Scraping Tweets from Twitter

Part One: Extracting Account Tweets and Tweets related to a Hashtag

In this post, I am going to show you how to extract tweets from twitter! Specifically the tweets related to a certain account (or twitter handle) and tweets related to a hashtag. Why might you extract this information from twitter at all?

Webscraping, scraping text from the web, automates the process of manually typing or copying and pasting information that we want from online sources. This could be regular websites or social media sites like Twitter. Social media supplies companies with direct reviews about their products and services, providing the best feedback for improvements.

In order to scrape twitter data, there is actually more work that goes into setting up everything, than actually extracting the tweets. So, let’s take this one step at a time.

Step One: Install and Load Your Packages

Step 1.a. There are several packages that will make the process of scraping tweets from Twitter much easier. The first step is to install the packages below:

install.packages("stringr")
install.packages("twitteR")
install.packages("purrr")
install.packages("tidytext")
install.packages("dplyr")
install.packages("tidyr")
install.packages("lubridate")
install.packages("scales")
install.packages("broom")
install.packages("ggplot2")

You only need to install packages the first time you scrape in R. The following times you webscrape in R, you can start with step 1.b.

Step 1.b. Load your packages with the below code:

library(stringr)
library(twitteR)
library(purrr)
library(tidytext)
library(dplyr)
library(tidyr)
library(lubridate)
library(scales)
library(broom)
library(ggplot2)

Step Two: Connecting R to Twitter

This next part is little tricky; you to connect you R with the Twitter API. The Twitter API or application programming interface, is what allows you to access Twitter’s data. In order to connect to the Twitter API, you first need to create a Twitter App.

Step 2.a. In order to create a Twitter app, make sure you are logged into your Twitter account and go to: https://developer.twitter.com/en/apps. Select “Create an App”.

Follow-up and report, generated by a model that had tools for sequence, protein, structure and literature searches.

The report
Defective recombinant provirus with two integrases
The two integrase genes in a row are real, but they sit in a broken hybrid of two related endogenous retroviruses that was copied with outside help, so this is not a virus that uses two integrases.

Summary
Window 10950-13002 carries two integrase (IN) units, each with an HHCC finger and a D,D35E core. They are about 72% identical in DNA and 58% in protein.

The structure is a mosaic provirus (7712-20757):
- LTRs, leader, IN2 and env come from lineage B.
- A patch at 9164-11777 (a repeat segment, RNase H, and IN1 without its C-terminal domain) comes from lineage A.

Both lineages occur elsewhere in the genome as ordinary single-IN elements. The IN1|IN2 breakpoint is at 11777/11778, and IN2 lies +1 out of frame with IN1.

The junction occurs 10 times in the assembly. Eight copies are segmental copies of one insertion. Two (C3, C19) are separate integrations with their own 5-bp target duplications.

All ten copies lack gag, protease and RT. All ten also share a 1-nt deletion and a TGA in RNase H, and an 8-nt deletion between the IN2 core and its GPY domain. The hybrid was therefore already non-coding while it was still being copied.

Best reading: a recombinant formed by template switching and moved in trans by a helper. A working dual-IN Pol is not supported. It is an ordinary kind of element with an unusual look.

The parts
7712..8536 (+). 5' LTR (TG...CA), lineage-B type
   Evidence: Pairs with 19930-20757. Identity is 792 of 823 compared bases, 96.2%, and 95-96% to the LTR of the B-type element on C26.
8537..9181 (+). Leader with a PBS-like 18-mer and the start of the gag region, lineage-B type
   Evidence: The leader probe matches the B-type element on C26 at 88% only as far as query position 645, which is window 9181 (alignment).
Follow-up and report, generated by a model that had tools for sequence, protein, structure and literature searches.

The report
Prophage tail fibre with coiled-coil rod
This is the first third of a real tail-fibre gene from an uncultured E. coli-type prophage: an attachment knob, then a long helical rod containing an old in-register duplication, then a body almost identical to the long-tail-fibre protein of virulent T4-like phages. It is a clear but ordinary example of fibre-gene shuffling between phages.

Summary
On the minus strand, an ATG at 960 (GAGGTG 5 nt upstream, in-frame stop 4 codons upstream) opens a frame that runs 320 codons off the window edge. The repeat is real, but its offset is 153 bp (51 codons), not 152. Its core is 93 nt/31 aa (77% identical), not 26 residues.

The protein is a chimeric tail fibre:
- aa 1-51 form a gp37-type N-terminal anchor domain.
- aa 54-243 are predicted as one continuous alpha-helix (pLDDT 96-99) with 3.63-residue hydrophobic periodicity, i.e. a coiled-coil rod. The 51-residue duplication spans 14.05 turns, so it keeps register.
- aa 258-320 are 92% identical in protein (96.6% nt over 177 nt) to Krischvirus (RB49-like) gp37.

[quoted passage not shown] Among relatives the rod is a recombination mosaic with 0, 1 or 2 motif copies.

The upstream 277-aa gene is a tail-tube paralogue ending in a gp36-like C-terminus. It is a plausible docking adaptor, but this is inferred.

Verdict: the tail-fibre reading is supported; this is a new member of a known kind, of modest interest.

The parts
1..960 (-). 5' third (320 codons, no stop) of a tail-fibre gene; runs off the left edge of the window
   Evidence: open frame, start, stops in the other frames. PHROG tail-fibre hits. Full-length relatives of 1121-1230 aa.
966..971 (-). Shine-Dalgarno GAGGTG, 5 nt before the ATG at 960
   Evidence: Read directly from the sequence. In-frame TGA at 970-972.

Next, fill out the required fields with:

  1. The name of your app
  2. A description of what the app is for
  3. A website where the information will be used
  4. Further details about the purpose of the app

As you can see from my screenshots above, in honor of being in Paris today, I will be extracting tweets from the @ParisJeTaime account for the official Paris Tourist Office. I simply named my app ParisJeTaime Tweets, with a description that I will be extracting tweets. The application also asks for a website URL. I used my blog, since I will be publishing the data on here, but feel free to use any website as a filler in case you don’t have a blog to use for yourself. Lastly, I provided information again of how the app will be used.

Step 2.b. Once generated, head over to the “Keys and tokens” tab for your app (pictured below) where you will find the keys and tokens necessary to connect R, or RStudio, with the Twitter API.

Step 2.c. With all of your access keys and tokens, head back into R so you can establish a connection with Twitter. I recommend setting each of your keys and tokens to a variable; this way it will be easier to manage your code:

api_Key = "UpV34UlCER500Wt2L6moKzafQ"
api_Secret = "dClASQhAk2JPl6vCa1Y84bcm38FF6Ol2vXrKnBA2jnaCUxHYRU"
access_Token = "3289530502-HDTWQVZ5ygeBfkGge5uAF0ga9IFaH5eUjNlAVle"
access_Token_Secret = "mib41B7t0Cot1ifOJDsAlwHtYZzZUNRpLyTC54UPsfnsO"

Step 2.d. Use the code below to setup open authorization with Twitter data with your own key and token variables:

options(httr_oauth_cache=TRUE)
setup_twitter_oauth(consumer_key = api_Key, consumer_secret = api_Secret,
access_token = access_Token, access_secret = access_Token_Secret)

Once you see “Using direct authentication”, you are good to go!

Step Three: Scraping Tweets

The code for scraping tweets is fairly simple.

Step 3.a. If you want to scrape tweets from user or account timeline, you would need to use userTimeline() function. The code below shows how I used this function on the @ParisJeTaime account to extract their last 100 tweets.

ParisJeTaime <- userTimeline("ParisJeTaime", n = 100)

You can turn this data into a data frame with tbl_df(map_df()) functions. Let’s what this code and data frame looks like:

ParisJeTaime_df <- tbl_df(map_df(ParisJeTaime, as.data.frame))
head(ParisJeTaime_df)

As you can see from the data frame above, this data will need some cleaning before any analysis can be done on it. This we will be covering in future posts, but at least we have scraped some Twitter data!

Lastly, you may want to save your data frame as a file for later use. Using the code below will save your data frame to a CSV in your R directory path folder:

write.csv(ParisJeTaime_df, "ParisJeTaime.csv")

Step 3.b. If you want to scrape tweets with a certain hashtag, you will need to use searchTwitter() function. The code below shows how I used this function to extract that latest 100 tweets with #parisjetaime:

ParisJeTaimeHashtag <- searchTwitter("#parisjetaime exclude:retweets", n=100)
ParisJeTaimeHashtag_df <- tbl_df(map_df(ParisJeTaimeHashtag, as.data.frame))
write.csv(ParisJeTaimeHashtag_df, "ParisJeTaimeHashtag.csv")

As we can see again from these tweets, a lot of data cleaning will be necessary. Not to mention, I may need to learn some French as well.

Look for future posts on how to clean data like this from the web, and what kind of analysis can be done with it. Click here for reference code.

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